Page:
The Factory Kitchen makes a quick impact on the Venetian’s dining scene
COURTESY THE VENETIAN
From Las Vegas Sun
Since it first opened on the Strip almost 20 years ago, the Venetian has always been a definitive destination for Italian food in Las Vegas. Even as the megaresort’s restaurant lineup has evolved over the years — including the recent addition of diverse flavors at Sugarcane, Chica, Black Tap and Mercato della Pescheria — its culinary offerings have never strayed far from an Italian focus.
The newest destination is the Factory Kitchen, which opened on New Year’s Eve in the Venetian’s “restaurant row” space formerly occupied by B&B Ristorante. Named for the industrial area location in downtown Los Angeles where it originated in 2013, the restaurant is one of several popular concepts from Factory Place Hospitality Group, founded by restaurateur Matteo Ferdinandi and chef Angelo Auriana. The company is also set to bring its Sixth & Mill Pizzeria & Bar to the Venetian’s Grand Canal Shoppes this summer.
“It’s always a good time to expand to Las Vegas,” says Ferdinandi. “Expansion has been a necessity for us in the sense of creating opportunities for everyone. We have a lot of people who have been with us since day one in Los Angeles. Las Vegas is a big platform for exposure and we wanted to come here just for that, to be able to conquer that crowd and do more deals around the country.”
The Factory Kitchen is a much different experience than the more formal but also Italian-focused B&B. The new 152-seat restaurant was designed by Thomas Schlesser of Design Bureaux and includes a neon centerpiece in the intimate 25-seat lounge, hints of orange and forest green throughout a space finished in earth tones and a lively pasta-making station that stretches across the back of the dining room. It fits somewhere between casual and fine dining, which is exactly where Ferdinandi wants to be.
“Italian food is well-suited for Las Vegas today and the [younger] generation because it was never supposed to be fine dining to begin with. It was always the cuisine of the mothers rather than the cuisine of the kings like the French created,” he says. “Las Vegas is a very quick learner and fast adapter to not only the current trend but also anticipating that. What I find in Las Vegas is people who have never lived here don’t know that the community is so ahead, so prepared, so smart. There are not many places like this. The closest thing to New York is actually Las Vegas, it’s not L.A.”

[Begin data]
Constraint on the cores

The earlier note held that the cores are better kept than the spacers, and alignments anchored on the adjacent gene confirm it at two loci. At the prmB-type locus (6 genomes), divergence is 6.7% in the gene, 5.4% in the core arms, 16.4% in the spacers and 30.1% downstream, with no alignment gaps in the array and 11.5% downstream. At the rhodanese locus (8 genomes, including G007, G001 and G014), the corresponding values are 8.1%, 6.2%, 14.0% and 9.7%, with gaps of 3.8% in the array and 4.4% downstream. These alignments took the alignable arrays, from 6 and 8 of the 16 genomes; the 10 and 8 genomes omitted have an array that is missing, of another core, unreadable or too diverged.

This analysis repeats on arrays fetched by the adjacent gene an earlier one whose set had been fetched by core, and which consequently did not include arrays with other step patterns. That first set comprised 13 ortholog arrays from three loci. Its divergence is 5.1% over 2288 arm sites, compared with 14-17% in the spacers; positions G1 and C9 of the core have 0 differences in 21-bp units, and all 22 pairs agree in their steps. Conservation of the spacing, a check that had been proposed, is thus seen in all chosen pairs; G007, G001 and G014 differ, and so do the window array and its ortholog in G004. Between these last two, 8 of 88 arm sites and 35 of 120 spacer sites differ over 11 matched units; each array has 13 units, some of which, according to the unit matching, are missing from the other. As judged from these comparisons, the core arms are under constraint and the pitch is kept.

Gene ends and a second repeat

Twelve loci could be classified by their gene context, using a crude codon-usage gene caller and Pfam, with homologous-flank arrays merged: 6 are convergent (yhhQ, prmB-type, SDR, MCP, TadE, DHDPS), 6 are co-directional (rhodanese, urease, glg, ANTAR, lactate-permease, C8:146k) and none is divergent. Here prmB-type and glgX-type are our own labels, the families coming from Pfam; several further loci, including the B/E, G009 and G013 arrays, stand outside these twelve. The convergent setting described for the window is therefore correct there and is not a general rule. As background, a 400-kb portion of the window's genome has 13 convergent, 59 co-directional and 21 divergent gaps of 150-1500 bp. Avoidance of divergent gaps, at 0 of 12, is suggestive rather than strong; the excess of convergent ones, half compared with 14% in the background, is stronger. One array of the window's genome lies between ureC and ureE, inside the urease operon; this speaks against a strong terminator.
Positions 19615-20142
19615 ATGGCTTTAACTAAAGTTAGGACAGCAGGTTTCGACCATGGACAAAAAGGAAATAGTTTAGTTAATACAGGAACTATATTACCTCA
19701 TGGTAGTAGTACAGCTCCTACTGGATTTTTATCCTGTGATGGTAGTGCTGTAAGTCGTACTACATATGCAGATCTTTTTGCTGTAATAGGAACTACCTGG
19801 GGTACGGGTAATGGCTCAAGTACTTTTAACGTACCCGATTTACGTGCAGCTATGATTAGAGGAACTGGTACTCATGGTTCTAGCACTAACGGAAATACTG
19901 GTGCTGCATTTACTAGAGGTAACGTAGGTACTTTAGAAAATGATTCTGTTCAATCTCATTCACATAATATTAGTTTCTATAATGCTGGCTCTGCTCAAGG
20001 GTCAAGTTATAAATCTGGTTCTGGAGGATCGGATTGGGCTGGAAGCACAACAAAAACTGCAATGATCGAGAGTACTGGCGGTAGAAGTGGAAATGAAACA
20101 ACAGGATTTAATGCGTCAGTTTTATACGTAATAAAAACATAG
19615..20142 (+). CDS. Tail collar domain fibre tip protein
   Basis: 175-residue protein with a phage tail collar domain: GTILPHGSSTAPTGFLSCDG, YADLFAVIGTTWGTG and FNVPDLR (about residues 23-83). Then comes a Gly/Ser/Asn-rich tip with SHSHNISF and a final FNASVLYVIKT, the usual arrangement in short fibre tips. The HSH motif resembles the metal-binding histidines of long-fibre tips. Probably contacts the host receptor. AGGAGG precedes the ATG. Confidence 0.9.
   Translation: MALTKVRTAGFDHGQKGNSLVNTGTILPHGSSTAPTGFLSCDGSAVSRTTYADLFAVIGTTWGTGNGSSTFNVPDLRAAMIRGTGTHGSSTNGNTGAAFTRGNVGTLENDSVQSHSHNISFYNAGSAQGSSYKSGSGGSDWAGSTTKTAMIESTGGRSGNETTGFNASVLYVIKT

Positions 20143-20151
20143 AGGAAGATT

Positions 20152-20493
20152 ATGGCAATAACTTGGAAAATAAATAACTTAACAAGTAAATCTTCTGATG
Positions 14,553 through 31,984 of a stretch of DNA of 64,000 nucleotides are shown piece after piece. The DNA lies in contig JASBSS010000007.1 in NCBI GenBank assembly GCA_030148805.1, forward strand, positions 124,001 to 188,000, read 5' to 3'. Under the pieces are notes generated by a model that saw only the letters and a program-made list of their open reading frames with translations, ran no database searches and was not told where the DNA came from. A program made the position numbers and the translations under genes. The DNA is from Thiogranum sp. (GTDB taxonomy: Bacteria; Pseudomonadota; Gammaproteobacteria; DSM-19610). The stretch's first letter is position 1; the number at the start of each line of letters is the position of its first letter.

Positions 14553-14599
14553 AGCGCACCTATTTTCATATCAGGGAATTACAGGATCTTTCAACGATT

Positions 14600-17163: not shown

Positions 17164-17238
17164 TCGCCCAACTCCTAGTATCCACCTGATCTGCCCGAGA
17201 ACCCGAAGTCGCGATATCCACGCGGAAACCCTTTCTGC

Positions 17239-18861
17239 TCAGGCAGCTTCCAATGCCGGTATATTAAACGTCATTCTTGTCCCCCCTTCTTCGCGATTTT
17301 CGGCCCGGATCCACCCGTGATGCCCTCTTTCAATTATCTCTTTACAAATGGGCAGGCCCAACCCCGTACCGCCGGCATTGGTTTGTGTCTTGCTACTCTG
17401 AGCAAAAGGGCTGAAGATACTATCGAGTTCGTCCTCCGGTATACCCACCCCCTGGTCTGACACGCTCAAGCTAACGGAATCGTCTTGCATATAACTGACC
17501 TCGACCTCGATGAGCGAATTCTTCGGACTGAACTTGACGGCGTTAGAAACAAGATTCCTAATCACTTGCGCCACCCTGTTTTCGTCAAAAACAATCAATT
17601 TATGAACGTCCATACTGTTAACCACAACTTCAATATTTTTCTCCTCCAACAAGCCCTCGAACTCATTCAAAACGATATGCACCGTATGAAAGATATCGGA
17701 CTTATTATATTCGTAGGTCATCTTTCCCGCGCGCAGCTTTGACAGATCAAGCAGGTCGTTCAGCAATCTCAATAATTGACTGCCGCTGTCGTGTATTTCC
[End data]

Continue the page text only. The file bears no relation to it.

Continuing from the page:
The Factory Kitchen’s menu leans heavily on authentic preparations of regional specialties, “a journey to the Italian peninsula visiting specific cities,” he says. Among the pasta dishes are casonzel, pork sausage and veal ravioli in sage brown butter and the very popular mandilli di seta, “handkerchief” egg pasta with Ligurian almond-basil pesto. The CEO of Factory Place also recommends the frittura, beer-battered baby leeks, butternut squash and chickpea fritters with castelrosso fonduta, and the traditional focaccina calda al formaggio, very thin sheets of pastry dough layered with cheese and other fillings.
There’s plenty of other Italian food options at the Venetian and Palazzo and in virtually every other resort on the Strip, but Ferdinandi believes there’s one factor that sets this food apart.
“It’s the simplicity,” he says. “Dining has changed and everybody is aware of that. We learned a long time ago that between casual and fine dining, the middle ground always wins, and people come to Vegas for different purposes. Our menu is a different approach.
“You want pasta? No problem, it will come out in six minutes. You want to do something to share and go Italian-style with the pasta in the middle and an entrée? Sure. Any sides? We have them. We created a concept that doesn’t dictate anything to you, you dictate the concept. We have all those offerings to make you feel very comfortable.”
The Factory Kitchen is open daily for lunch and dinner from 11 a.m. to 11 p.m.